Evil genius has Columbia roots

Josh Lieb was born in Columbia and attended Forest Lake Elementary School and Heathwood Hall.

So why is the middle school in his young adult novel "I am a Genius of Unspeakable Evil and I Want to be Your Class President" in Omaha?

"It's a book about a kid who has an empire spanning the globe, and Omaha seemed a lot more centrally located. It seemed like the logical place to run the world from," Lieb said from New York, where he now lives.

That kind of slightly skewed outlook not only oozes from Lieb's first novel, but it's what propelled him through the comedy writing world from the Harvard Lampoon to "The Simpsons," "NewsRadio" and, now, "The Daily Show."

Stuck at home during the 2007-08 Writers Guild strike, Lieb set out on every writer's quest - The Great American Novel. But flatulence jokes kept getting in the way. So he wrote "Unspeakable Evil," which deftly intersperses references to Vladimir Nabokov, Captain Beefheart and zits.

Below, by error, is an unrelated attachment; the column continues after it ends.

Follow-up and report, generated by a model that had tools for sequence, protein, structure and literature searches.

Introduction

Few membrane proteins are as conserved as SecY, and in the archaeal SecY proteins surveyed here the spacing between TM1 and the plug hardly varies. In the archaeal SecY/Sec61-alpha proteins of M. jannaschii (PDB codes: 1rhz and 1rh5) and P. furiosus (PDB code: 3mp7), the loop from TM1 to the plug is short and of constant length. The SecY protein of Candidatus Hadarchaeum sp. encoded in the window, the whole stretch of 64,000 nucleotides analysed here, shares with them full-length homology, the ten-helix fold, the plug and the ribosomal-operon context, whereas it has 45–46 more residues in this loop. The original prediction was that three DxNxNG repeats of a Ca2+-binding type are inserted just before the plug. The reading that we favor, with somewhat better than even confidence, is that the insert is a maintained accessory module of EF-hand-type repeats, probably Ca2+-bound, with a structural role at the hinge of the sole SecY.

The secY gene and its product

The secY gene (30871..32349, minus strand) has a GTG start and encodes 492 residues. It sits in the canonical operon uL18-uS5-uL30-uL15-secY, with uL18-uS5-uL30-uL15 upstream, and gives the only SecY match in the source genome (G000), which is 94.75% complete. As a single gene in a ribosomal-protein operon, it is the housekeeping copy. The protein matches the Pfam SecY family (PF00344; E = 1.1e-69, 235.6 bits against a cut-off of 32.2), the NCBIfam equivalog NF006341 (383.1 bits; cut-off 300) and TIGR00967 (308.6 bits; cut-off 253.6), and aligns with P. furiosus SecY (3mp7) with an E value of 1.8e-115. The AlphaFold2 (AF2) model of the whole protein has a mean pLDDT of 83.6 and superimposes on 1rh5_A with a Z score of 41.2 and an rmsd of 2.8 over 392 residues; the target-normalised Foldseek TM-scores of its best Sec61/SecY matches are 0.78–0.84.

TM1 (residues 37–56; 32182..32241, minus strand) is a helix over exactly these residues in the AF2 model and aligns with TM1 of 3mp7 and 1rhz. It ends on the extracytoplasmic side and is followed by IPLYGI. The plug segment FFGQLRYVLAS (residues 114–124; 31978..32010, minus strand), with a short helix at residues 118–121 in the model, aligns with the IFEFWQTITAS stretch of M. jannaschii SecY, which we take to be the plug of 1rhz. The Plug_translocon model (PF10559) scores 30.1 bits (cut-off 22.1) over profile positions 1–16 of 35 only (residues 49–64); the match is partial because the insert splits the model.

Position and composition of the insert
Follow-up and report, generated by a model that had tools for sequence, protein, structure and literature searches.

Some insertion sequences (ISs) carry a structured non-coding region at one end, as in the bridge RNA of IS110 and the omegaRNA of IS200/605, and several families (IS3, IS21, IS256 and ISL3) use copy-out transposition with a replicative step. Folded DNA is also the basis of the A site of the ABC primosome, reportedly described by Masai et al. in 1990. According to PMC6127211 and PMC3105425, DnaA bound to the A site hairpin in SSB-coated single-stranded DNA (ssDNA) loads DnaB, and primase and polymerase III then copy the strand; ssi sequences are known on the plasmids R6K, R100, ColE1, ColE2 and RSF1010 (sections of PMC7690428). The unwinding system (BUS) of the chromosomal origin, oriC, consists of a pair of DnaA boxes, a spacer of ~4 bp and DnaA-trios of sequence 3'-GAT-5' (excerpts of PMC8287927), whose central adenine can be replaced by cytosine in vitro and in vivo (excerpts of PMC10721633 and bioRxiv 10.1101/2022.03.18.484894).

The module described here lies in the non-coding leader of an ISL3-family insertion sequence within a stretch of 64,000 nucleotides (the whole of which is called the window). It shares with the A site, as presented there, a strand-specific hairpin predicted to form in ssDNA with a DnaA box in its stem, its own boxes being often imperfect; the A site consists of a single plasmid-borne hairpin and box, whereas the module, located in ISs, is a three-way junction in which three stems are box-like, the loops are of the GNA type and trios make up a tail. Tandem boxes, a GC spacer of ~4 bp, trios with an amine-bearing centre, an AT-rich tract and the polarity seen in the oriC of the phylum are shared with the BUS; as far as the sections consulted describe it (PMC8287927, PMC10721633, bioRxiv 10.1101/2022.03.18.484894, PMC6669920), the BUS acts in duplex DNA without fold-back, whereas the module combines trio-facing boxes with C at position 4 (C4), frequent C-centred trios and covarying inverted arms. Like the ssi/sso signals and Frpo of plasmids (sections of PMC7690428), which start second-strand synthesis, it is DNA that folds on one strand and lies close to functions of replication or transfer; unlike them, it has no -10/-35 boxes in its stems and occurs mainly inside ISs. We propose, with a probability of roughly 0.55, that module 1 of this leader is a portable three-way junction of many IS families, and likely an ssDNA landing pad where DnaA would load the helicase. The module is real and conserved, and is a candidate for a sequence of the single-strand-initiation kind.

Someone with a similarly warped sense of humor at Razorbill Books offered Lieb a contract after reading an outline of the book about a tubby seventh-grader who's secretly the third richest person in the world. When other kids threaten Oliver Watson, he gives the signal for his minions (they're everywhere) to shoot the thugs with one of his evil inventions - a drug that causes sudden, intense flatulence and a three-month delay in puberty.

The action heats up when Oliver decides to run for class president to spite his father (or to gain his respect, if you insist on reading at the over-analysis level required by middle school English teachers).